Thirty years ago in the United States, an AIDS diagnosis was a death sentence. So little was known about the new disease that was hitting otherwise healthy people – primarily young, gay men – and even less was being done to end the epidemic. The institutional response was willfully negligent at worst and slow-moving at best. Something had to change.
Enter ACT UP New York.
ACT UP flipped the balance of power with seismic results. While taking care of sick and dying lovers, friends and fellow activists, they employed methodical strategizing with gutsy action to change the course of history. They learned the science and became the policy experts. ACT UP took the tradition of nonviolent protest and added audacious flair along with an inside-outside approach that recognized it isn’t enough to be in the streets, you also have to be at the table.
A new paradigm of organizing, strategizing and winning was born, and 30 years later, it’s as relevant and effective as it was on day one – and needed today more than ever. ACT UP New York still meets every Monday, and its members have gone on to apply the strategies learned in ACT UP to many other organizations and justice movements.
The global AIDS movement owes so much to ACT UP. Health GAP wouldn’t exist today if it weren’t for ACT UP New York, along with ACT UP Philadelphia, Fed Up Queers and others who joined together to work on the then almost unthinkable goal of treating all people with HIV, no matter where they lived.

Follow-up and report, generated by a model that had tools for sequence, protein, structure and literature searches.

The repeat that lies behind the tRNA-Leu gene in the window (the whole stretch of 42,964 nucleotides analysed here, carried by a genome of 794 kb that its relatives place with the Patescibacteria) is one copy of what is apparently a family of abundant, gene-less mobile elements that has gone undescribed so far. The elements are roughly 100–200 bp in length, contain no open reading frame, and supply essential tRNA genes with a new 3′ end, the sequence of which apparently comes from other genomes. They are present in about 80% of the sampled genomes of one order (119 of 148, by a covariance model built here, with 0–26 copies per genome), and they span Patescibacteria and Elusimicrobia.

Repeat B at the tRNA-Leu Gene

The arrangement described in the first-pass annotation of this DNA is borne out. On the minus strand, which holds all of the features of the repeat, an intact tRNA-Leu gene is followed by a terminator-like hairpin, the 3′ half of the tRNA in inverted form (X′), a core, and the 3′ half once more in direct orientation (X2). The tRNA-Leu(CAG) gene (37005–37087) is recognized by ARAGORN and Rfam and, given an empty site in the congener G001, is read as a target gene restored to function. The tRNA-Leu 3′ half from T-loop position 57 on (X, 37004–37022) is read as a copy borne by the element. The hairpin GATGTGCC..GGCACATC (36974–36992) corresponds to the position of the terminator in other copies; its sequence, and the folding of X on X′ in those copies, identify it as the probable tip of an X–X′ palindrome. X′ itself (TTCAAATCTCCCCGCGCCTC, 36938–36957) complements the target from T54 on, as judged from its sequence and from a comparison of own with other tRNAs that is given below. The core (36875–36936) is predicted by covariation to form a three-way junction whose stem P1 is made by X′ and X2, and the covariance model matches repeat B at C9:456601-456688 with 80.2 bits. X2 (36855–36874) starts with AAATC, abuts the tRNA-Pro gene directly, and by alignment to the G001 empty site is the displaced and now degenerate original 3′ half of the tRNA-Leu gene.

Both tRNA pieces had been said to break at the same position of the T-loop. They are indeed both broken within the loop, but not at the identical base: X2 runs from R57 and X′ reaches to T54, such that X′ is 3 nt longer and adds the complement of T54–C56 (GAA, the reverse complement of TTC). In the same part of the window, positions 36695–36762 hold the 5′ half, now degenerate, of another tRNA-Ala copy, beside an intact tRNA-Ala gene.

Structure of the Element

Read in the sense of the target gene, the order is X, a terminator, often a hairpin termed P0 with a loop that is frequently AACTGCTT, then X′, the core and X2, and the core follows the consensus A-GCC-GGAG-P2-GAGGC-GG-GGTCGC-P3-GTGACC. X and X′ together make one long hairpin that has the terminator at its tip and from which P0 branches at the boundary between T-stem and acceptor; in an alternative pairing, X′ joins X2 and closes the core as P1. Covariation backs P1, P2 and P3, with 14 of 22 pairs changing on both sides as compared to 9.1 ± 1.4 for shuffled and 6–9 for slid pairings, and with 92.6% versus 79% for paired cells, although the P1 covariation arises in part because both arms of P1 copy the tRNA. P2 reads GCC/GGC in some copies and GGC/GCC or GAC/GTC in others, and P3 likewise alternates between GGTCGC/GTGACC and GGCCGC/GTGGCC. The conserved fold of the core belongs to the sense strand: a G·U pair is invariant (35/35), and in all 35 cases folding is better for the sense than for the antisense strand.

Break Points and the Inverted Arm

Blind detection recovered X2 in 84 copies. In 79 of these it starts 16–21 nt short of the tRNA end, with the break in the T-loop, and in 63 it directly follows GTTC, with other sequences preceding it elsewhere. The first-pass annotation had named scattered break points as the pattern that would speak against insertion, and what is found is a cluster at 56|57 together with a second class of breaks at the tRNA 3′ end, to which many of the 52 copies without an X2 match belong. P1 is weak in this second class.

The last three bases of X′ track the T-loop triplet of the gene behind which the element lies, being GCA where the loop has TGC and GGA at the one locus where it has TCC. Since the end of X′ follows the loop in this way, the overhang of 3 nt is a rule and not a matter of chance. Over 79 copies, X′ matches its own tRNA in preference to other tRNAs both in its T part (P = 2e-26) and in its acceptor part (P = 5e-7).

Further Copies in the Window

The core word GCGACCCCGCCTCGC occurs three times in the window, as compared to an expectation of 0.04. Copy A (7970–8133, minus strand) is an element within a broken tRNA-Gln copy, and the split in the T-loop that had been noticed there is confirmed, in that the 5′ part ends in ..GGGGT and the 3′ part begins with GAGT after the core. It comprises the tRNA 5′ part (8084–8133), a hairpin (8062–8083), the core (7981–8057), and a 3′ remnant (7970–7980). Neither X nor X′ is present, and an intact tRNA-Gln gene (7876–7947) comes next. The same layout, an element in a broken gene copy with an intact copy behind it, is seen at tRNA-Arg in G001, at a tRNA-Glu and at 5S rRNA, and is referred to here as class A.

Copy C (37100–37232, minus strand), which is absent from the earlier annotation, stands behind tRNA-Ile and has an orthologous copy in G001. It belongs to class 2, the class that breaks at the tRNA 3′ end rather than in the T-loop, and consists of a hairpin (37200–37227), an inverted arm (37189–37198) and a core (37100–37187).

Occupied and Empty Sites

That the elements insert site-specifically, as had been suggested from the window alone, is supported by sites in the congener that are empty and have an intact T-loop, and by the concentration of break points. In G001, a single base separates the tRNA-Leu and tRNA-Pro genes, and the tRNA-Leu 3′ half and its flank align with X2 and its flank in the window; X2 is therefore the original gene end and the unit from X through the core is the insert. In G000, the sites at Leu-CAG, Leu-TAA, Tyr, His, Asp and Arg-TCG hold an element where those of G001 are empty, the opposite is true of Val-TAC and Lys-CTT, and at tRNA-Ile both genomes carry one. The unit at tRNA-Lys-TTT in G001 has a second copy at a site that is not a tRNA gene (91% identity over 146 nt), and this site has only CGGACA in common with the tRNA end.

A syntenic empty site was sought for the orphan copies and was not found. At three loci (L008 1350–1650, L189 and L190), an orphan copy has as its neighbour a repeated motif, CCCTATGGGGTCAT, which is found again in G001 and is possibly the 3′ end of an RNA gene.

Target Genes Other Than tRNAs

That coalition that formed Health GAP came together for the pivotal actions forcing then-Vice President Al Gore to drop his bid to punish South Africa for utilizing generic HIV drugs by disrupting his presidential campaign launch and multiple stops along the trail. Health GAP’s partnership with ACT UP continues today, with countless joint actions targeting politicians and pharma, fighting for universal treatment and an end to the epidemic.
Today, 18.2 million people living with HIV around the world are on treatment — a testament to the power of ACT UP and allies who rejected the idea that expanding treatment was too expensive, too complicated or simply couldn’t be done.
On their 30th anniversary, we’re celebrating ACT UP New York and the amazing activists who have fought and won hard battles and changed the course of history in ways too substantial to measure. To those ACT UP members past and present – those we’ll see at the march this afternoon and those who fought from the early days and are no longer with us – thank you. In a world where silence equals death, here’s to many more years of speaking truth to power.